Today, the head of the legal arm of one of the most notorious restrictionist groups in the nation boldly admitted his work on Alabama’s new anti-immigrant law aims to end public education for the children of immigrants. Michael Hethmon of the Immigration Reform Law Institute (IRLI), an offshoot of the Federation for American Immigration Reform (FAIR), made no bones about being the author of the education provision in HB 56—which on its face requires public schools to determine the immigration status of enrolling students and their parents, but in reality chips away at children’s ability to get an education.

In fact, FAIR’s long-term vision to erode any and all rights afforded to the children of immigrants becomes increasingly clear with each new FAIR initiative—from attempts to repeal access to birth certificates at the state level through their state legislative arm (State Legislators for Legal Immigration) to IRLI’s litigation strategies in the courts that attempt to turn U.S. policy against immigrant children.

In defense of the education provision, Alabama Attorney General Luther Strange assured a judge that the provision would require nothing more than data collection and that “no child will be denied an education based on unlawful status.” However in the same New York Times article, Hethmon of IRLI admitted that HB 56’s education provision is just a first step:

The man who wrote the schools provision … that it is not meant as a deterrent — at least not yet. It is, however, a first step in a larger and long-considered strategy to topple a 29-year-old Supreme Court ruling that all children in the United States, regardless of their immigration status, are guaranteed a public education.

Hethmon then goes on to explain why this data collection provision is an important part of bigger plans and why they were careful no to go too far in HB 56:

Mr. Hethmon said the problem with these challenges is that they have not taken the trouble to gather the evidence the court found missing in Plyler.

“The toughest question has been obtaining reliable — and I mean reliable for peer-reviewed research purposes — censuses of the number of illegal alien students enrolled in school districts,” he said. “That information could be compared with other sorts of performance or resource allocation issues.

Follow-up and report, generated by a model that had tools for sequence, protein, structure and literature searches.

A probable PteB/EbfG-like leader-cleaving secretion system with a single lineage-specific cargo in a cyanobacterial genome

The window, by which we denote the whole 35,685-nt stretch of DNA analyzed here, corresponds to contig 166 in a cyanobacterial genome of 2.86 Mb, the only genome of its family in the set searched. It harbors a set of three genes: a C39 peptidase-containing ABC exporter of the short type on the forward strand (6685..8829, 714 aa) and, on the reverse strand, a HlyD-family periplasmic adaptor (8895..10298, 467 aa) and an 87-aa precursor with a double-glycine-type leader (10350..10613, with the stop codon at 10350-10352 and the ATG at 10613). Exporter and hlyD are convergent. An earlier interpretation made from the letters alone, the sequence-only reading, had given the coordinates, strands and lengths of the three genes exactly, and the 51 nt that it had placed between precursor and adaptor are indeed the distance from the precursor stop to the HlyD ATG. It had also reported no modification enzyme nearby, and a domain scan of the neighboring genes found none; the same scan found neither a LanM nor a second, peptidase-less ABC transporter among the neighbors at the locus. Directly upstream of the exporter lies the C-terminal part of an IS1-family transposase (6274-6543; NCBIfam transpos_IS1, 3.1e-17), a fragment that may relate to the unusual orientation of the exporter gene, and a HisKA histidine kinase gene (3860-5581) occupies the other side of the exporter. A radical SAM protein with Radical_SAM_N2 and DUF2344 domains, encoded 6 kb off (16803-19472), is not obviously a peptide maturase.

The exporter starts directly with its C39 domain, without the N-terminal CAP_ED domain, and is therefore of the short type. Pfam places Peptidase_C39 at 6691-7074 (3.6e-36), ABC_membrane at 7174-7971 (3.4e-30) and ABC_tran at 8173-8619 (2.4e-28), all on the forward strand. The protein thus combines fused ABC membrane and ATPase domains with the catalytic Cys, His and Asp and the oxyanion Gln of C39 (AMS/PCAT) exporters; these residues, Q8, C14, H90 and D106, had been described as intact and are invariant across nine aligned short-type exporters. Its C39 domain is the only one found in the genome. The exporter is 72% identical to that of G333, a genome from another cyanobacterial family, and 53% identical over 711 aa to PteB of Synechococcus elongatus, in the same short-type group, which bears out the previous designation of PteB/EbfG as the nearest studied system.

That information is then passed on to the State Board of Education not only to prepare an annual report with the data but also to “contract with reputable scholars and research institutions” to determine the costs, fiscal and otherwise, of educating illegal immigrants.

Because no one is actually barred from attending school and the data is not passed on to law enforcement, the provision passes constitutional muster, Mr. Hethmon said.

But it also potentially enables a fresh challenge to Plyler v. Doe, and the idea that schools are obligated to provide a free education to illegal immigrants.”

There is no doubt the “reputable scholars and research institutions” Hethmon refers to include FAIR’s research arm and sister group, the Center for Immigration Studies. If the Alabama Department of Education continues to collect data on the immigration status of immigrant children and makes it public, it won’t be long before FAIR and CIS produce data on the “fiscal costs of educating the children of immigrants in Alabama.”

While the New York Times article also quotes well-respected legal scholars who feel the chances of a repeal of Plyer V. Doe are highly unlikely, the damage that would be done by allowing these anti-immigrant groups access to private student data is undoubted. FAIR will exploit this information in order to wage a public relations campaign against the children of immigrants.

FAIR and company, also known as the Tanton Network, are continuing to build an elaborate infrastructure and execute a long term plan that systematically chips away at the rights of immigrant children.  It’s time Americans, beginning with Alabamians, put their collective foot down against this.

Photo by cybrarian77.

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